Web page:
Drought in South America increases demand for U.S. soy.

The USDA on Feb. 9 boosted soybean meal exports from the U.S. as drought limits soy production in South America. (Photo: Joclyn Bushman/Iowa Soybean Association)

WASDE report looks South, prices inch near $16

February 10, 2022 | Bethany Baratta

In its World Agriculture Supply and Demand Estimates report released this week, the USDA revised its forecast for Brazilian soybean production lower due to drought.

A 25-million-bushel increase in U.S. soybean crush, now forecast at 2.215 billion bushels, is attributed to favorable crush margins and expected strong demand for soybean meal exports.

Soybean meal exports were reduced in the February report for Argentina, Brazil, and Paraguay as an ongoing drought reduces soybean meal prospects there.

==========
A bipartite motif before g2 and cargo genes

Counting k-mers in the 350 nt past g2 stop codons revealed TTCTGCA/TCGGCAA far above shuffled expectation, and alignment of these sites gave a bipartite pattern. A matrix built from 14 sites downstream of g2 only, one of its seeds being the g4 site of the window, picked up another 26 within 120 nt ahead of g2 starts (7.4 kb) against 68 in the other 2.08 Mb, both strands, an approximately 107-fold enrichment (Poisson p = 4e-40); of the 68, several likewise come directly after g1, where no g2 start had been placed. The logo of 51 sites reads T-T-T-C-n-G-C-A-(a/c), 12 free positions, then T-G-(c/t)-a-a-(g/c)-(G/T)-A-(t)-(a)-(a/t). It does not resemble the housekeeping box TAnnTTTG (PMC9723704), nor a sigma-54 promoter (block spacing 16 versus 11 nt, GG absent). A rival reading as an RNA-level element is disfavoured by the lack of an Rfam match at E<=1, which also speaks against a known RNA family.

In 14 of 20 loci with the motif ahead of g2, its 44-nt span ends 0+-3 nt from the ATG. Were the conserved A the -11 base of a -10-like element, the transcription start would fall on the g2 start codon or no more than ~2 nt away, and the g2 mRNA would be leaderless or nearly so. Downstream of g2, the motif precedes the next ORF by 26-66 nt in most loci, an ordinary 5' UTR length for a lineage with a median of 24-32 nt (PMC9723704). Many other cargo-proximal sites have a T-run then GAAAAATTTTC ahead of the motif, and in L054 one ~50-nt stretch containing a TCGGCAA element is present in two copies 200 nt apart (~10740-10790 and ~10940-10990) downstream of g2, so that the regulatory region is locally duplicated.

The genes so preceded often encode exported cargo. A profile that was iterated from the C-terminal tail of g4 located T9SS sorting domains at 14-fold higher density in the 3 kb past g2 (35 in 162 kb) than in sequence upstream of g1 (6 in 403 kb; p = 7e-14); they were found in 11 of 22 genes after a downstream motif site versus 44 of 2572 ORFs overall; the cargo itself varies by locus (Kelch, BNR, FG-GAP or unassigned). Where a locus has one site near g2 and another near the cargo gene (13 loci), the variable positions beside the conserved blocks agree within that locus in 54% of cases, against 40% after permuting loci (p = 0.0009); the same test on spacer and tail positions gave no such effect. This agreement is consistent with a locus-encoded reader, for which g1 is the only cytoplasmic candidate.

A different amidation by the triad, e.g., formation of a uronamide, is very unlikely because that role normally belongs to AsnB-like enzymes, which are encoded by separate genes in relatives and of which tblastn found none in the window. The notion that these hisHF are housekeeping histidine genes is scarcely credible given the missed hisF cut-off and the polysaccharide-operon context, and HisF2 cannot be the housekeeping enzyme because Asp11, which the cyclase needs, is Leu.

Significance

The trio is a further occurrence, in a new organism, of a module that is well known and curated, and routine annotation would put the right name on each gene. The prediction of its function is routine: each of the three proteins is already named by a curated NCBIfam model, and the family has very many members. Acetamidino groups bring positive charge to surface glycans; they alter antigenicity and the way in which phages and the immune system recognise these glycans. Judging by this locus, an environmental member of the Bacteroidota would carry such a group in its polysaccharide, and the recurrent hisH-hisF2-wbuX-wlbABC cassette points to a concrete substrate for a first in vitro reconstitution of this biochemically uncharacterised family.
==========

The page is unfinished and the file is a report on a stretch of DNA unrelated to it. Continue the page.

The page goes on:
The USDA reduced its production estimate for the Brazil soybean crop to 134 million metric tons (5.27 billion bushels), down 5 million metric tons from the January report.

The Argentinian soybean production forecast was also reduced by 1.5 million metric tons to 45 million metric tons (1.77 billion bushels), the February report said.

Paraguay soybean production was lowered 2.2 million metric tons to 6.3 million metric tons (248 million bushels).

With U.S. soybean exports unchanged, ending stocks are reduced 25 million bushels to 325 million bushels.

Price flex

The U.S. season-average soybean price for 2021/22 is forecast at $13 per bushel, up 40 cents from January. After the report, however, soybean prices on the Chicago Board of Trade also bounced higher.

March soybean futures settled at $15.94, up 25¾ cents on Feb. 9. May soybean futures closed at $15.95, 23 cents higher.

The USDA raised the price forecast for soybean meal at $410 per short ton, up $35. The soybean oil price forecast is raised 1 cent to 66 cents per pound. March soymeal futures settled at $461.90 per short ton on Wednesday on the CME Group, up $7.80 per short ton.